[ExI] Panbiogenesis

spike spike66 at att.net
Thu Jan 26 17:40:01 UTC 2012

-----Original Message-----
From: extropy-chat-bounces at lists.extropy.org
[mailto:extropy-chat-bounces at lists.extropy.org] On Behalf Of Keith Henson
> Life on the night side at the time of the supernova might have a 
> chance against everything except the neutrinos, which would pass 
> through the planet and zap everything, regardless of the size of the 
> planet.  I'm pretty sure a supernova sterilizes everything in the stellar

>...Three tenths of a light year is ~20,000 AU.  The energy dumped in a kg
of material at 1 AU would be 400 M times as that of at 0.3 light year, or
around 40 B j/kg or around 20 M kWh/kg, or something around a million times
the energy released in the formation of of the earth.
The reasonable assumption is that a planet at earth's distance from a
supernova would blow up spectacularly from the neutrino flux, if it were not
totally eclipsed by the supernova glare.  Keith

OK ja, those numbers are ringing a bell from a long time ago when I did some
BOTECs on this.  Supernova neutrino flux is really bad news for life forms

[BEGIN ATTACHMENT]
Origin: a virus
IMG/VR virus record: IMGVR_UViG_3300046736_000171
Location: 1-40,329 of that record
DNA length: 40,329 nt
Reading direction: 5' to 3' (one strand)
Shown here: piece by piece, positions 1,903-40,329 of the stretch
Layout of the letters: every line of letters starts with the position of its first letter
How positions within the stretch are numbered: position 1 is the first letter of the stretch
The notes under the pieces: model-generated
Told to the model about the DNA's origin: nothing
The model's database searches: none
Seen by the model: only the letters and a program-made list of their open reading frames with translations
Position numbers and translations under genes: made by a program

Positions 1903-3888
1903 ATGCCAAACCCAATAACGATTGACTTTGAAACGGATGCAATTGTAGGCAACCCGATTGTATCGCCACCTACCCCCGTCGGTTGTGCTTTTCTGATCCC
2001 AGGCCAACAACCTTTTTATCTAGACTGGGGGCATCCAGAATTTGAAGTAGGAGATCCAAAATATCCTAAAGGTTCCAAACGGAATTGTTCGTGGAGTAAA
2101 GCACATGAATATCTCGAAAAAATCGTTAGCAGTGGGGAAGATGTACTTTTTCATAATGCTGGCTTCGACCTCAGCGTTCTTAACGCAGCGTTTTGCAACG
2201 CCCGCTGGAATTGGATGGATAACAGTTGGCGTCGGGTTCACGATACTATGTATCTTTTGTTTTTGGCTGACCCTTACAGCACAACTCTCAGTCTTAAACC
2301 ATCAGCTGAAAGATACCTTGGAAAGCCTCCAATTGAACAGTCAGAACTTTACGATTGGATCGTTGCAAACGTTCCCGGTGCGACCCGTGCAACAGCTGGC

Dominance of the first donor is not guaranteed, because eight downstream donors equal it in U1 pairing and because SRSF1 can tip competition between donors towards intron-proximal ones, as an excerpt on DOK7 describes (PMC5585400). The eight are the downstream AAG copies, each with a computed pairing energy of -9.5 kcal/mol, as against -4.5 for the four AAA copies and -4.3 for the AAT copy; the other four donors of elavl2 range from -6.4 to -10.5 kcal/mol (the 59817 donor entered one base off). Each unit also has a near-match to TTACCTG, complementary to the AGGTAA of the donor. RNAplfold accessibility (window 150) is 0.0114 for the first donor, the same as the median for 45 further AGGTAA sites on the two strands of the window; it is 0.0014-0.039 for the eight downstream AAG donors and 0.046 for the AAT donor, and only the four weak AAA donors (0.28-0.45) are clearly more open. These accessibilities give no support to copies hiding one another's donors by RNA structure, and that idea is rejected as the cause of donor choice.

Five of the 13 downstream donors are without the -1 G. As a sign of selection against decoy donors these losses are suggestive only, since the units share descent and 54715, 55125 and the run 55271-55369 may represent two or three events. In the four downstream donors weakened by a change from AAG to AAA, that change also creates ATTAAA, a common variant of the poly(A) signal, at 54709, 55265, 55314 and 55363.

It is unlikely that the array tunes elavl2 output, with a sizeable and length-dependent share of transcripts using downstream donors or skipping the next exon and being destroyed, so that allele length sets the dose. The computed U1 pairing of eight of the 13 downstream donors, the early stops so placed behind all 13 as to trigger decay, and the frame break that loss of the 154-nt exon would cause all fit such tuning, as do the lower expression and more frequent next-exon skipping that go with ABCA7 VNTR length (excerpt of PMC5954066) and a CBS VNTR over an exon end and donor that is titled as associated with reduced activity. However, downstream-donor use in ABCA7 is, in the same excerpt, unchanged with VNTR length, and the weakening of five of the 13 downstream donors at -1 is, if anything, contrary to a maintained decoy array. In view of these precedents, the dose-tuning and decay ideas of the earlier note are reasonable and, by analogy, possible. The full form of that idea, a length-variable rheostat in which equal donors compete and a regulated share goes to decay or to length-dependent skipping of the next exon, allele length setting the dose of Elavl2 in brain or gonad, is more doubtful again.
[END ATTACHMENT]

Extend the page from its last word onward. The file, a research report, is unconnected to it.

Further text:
as we know it, because it causes one out of every jillion protons to absorb
a neutrino and (somehow) grabs an electron to become a neutron.  Then if it
is part of a carbon nucleus (plenty of those in every life form that we
know) that carbon becomes a boron atom with a half-life of about .02
seconds.  Most of those decays revert back to carbon 12, but a few of them
screw up the works as I vaguely recall for a long time ago.  If that life
form manages to survive the heating, the biochemistry is screwed up by the
neutrino flux.

As I also vaguely recall there is on the order of a thousand stars within
that lethal range, 30 to 50 light years.  Fortunately none of them are
candidates for that kind of supernova.


More information about the extropy-chat mailing list